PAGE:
|LE Magazine October 1999 |
Inside the Foundation's Laboratory
We'd like to think that every issue of Life Extension magazine provides health information that cannot be obtained anywhere else. One source of this unique knowledge comes from our medical testing laboratory, where thousands of blood samples are analyzed from members who take high doses of nutrients, hormones and offshore drugs. The compilation of this data enables us to produce statistical charts that can show beneficial or detrimental trends among users of anti-aging supplements.
The good news is that our analysis of the indicators of liver, kidney, heart and blood cell damage show no toxicity in those taking high doses of supplements over an extended period of time. In the past, conventional doctors warned that the long-term effects in humans taking mega-doses of dietary supplements were unknown. In response to this knowledge void, The Life Extension Foundation began testing the blood of members in 1984 to make sure that the supplements they were taking were not causing harm. We felt we had to do these tests based on the criticism from mainstream doctors (in the early 1980's) that high-potency vitamin supplements were somehow "toxic."
When we began offering mail-order blood testing three years ago, we gained access to a lot more data that we use to evaluate the safety and effectiveness of the many substances members put into their body's everyday. This type of data reporting has never been published in the scientific literature.
A disturbing trend has emerged amongst members who think they are taking adequate amounts of folic acid, vitamin B12, B6 and TMG to suppress serum homocysteine and maintain DNA re-methylation. We have discovered that 62% of members tested have too much homocysteine in their blood. Elevated homocysteine not only increases the risk of cardiovascular disease (Archives of Internal Medicine,1999, Jan 11;159(1):38-44), but also serves as a marker of a methylation defect that can predispose one to liver, neurological and other aging-related diseases. The chart to follow shows the breakdown of the results we have obtained to date:
RISK OF CORONARY ARTERY DISEASE
| ||Serum Homocysteine |
(micromoles per liter of blood)
|Percentage of members|
in this range
|Lowest Risk ||0-6.3 ||38%|
|Moderate Risk ||0-6.3-10 ||52%|
|Highest Risk ||Over 10 ||10%|
The most recent survey (Cardiologia, 1999, Apr;44(4):341-5) shows the average American's homocysteine level is 10, so the fact that 90% of Foundation members are below 10 is a testament to the effectiveness of dietary supplements in suppressing dangerously high homocysteine levels (Annals of Epidemiology, 1997 May;7(4):285-93).
The problem is that certain members are not being protected against the damaging effects of homocysteine, and the only way of finding out is to have a blood test. When homocysteine has been too high, the addition of extra amounts of vitamin B6 and/or TMG (trimethylglycine) has reduced levels to the safest range in every case we have worked with. We have found that the addition of extra folic acid only produces only a moderate reduction in elevated homocysteine levels. Readers should know that while folic acid is a critical component of a homocysteine-lowering program, there is a limit to how much homocysteine can be reduced by folate and B12. Cardiologists are increasingly recommending folic acid supplements to their coronary artery disease patients, but the results from the Foundation's laboratory indicates that it takes more than folic acid to reduce serum homocysteine to a level where it ceases to be a risk factor for causing a heart attack.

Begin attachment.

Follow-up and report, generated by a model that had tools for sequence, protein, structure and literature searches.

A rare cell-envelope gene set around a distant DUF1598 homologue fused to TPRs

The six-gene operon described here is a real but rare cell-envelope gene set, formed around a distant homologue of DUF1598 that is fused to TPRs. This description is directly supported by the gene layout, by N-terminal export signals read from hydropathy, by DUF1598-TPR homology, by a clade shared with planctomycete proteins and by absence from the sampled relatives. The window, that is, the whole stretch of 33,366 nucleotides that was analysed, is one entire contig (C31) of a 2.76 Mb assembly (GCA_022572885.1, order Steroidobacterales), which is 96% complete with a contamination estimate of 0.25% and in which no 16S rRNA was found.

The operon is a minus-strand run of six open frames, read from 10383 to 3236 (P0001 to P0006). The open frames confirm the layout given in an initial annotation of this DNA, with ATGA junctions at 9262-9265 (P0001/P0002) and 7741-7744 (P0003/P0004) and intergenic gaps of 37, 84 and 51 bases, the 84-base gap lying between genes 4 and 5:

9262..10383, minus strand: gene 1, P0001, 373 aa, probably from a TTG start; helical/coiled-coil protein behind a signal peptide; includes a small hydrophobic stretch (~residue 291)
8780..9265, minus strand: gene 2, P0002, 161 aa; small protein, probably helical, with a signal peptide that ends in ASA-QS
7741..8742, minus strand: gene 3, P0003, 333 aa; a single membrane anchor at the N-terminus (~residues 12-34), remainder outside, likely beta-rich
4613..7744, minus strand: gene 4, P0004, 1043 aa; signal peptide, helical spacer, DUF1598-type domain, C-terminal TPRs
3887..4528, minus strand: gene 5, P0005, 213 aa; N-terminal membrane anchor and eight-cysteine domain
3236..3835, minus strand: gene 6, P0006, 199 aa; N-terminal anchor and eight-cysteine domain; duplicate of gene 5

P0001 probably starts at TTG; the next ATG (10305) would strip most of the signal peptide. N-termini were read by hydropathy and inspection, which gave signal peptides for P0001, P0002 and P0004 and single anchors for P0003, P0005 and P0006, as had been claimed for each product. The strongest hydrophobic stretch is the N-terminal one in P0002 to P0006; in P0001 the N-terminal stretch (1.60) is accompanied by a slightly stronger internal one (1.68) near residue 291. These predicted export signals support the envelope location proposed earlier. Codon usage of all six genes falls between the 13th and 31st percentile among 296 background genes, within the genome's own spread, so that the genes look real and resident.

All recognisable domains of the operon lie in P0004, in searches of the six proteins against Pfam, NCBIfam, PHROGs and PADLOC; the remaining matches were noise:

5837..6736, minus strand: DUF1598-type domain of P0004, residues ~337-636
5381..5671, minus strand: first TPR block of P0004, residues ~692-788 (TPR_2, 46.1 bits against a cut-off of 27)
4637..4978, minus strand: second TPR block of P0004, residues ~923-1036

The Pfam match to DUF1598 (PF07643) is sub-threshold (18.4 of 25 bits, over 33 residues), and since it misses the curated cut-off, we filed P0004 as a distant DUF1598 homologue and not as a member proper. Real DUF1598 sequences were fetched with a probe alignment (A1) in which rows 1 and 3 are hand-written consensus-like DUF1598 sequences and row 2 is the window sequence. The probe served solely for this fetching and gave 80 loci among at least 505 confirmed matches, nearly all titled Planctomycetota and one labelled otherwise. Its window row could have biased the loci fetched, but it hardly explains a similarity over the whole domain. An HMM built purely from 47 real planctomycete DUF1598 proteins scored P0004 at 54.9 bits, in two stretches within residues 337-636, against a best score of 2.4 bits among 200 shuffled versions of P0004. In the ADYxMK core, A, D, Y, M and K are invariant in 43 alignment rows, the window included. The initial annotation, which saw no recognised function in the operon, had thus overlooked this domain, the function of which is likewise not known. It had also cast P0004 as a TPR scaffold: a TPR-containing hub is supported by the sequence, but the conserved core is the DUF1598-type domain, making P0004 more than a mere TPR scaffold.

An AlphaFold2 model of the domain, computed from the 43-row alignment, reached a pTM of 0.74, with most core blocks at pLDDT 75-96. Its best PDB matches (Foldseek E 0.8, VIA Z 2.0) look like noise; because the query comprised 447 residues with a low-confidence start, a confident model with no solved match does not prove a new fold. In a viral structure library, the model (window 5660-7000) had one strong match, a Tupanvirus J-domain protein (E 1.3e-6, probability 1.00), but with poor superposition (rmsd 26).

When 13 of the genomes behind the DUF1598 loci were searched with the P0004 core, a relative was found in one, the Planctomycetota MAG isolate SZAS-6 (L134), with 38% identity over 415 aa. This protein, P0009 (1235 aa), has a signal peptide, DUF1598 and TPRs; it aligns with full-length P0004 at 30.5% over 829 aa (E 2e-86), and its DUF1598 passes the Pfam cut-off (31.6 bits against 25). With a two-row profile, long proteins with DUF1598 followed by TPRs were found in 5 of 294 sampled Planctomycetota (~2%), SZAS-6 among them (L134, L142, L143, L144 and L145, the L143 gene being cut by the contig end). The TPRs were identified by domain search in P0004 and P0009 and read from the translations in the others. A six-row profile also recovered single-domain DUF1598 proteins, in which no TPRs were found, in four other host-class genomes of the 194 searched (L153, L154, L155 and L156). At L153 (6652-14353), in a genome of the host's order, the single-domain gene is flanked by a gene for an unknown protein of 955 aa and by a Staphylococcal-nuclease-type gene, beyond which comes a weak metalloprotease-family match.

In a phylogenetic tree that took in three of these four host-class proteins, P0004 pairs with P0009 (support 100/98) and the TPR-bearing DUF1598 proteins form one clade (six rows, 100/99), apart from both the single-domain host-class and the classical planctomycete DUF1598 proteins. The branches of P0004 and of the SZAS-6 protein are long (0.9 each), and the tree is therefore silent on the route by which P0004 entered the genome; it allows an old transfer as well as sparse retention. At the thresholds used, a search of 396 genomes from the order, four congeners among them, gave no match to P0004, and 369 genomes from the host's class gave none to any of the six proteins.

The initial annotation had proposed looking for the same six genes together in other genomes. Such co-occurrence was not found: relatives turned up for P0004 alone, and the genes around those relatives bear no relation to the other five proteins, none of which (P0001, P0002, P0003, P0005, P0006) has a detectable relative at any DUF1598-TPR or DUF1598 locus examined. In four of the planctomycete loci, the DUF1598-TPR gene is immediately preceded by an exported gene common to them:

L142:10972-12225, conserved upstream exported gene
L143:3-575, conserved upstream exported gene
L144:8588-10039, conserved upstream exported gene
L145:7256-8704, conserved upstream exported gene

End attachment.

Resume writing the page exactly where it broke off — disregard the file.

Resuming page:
How low can you go?
Cholesterol has obtained such a bad reputation that some Foundation members may be inadvertently killing themselves by intentionally keeping their serum cholesterol too low. At the American Heart Association's annual stroke conference (February 1999), a report was presented showing that people with cholesterol levels under 180 doubled their risk of hemorrhagic stroke compared to those with cholesterol levels of 230. Hemorrhagic stroke occurs when a blood vessel in the brain breaks open and is different than the more common ischemic stroke caused by an abnormal blood clot. This study showed that the risk of ischemic stoke was twice as likely in those with cholesterol levels over 280 compared to those at 230. The report concluded that optimal cholesterol level for overall stroke prevention was around 200.
Some overzealous members have been pushing their cholesterol levels way below 180. In the few reports of hemorrhagic stroke suffered by Foundation members, their cholesterol levels have been far below 180 mg/dL. Based on a review of the published data, no one wants chronic high levels of serum cholesterol but optimal ranges for overall disease prevention may be between 180-210 and not "as low as you can get!"
In an upcoming issue. . .
The most important article of the year for men will be published in an upcoming issue of Life Extension magazine. This article will document an epidemic problem in men over age 40: too much estrogen, not enough free testosterone. The result of this hormone imbalance can manifest as depression, abdominal weight gain, low energy, cognitive deficits, prostate disease and premature aging. This article will tell men what steps they should take based on their estrogen and free testosterone levels.
After reading the article, any man over age 40 is going to want to know what his estrogen-free testosterone balance is. Men having their blood tested for homocysteine may also ask their doctors to test for estradiol, free testosterone and PSA so they will know what steps to take when this landmark article is published.
Life Extension Foundation
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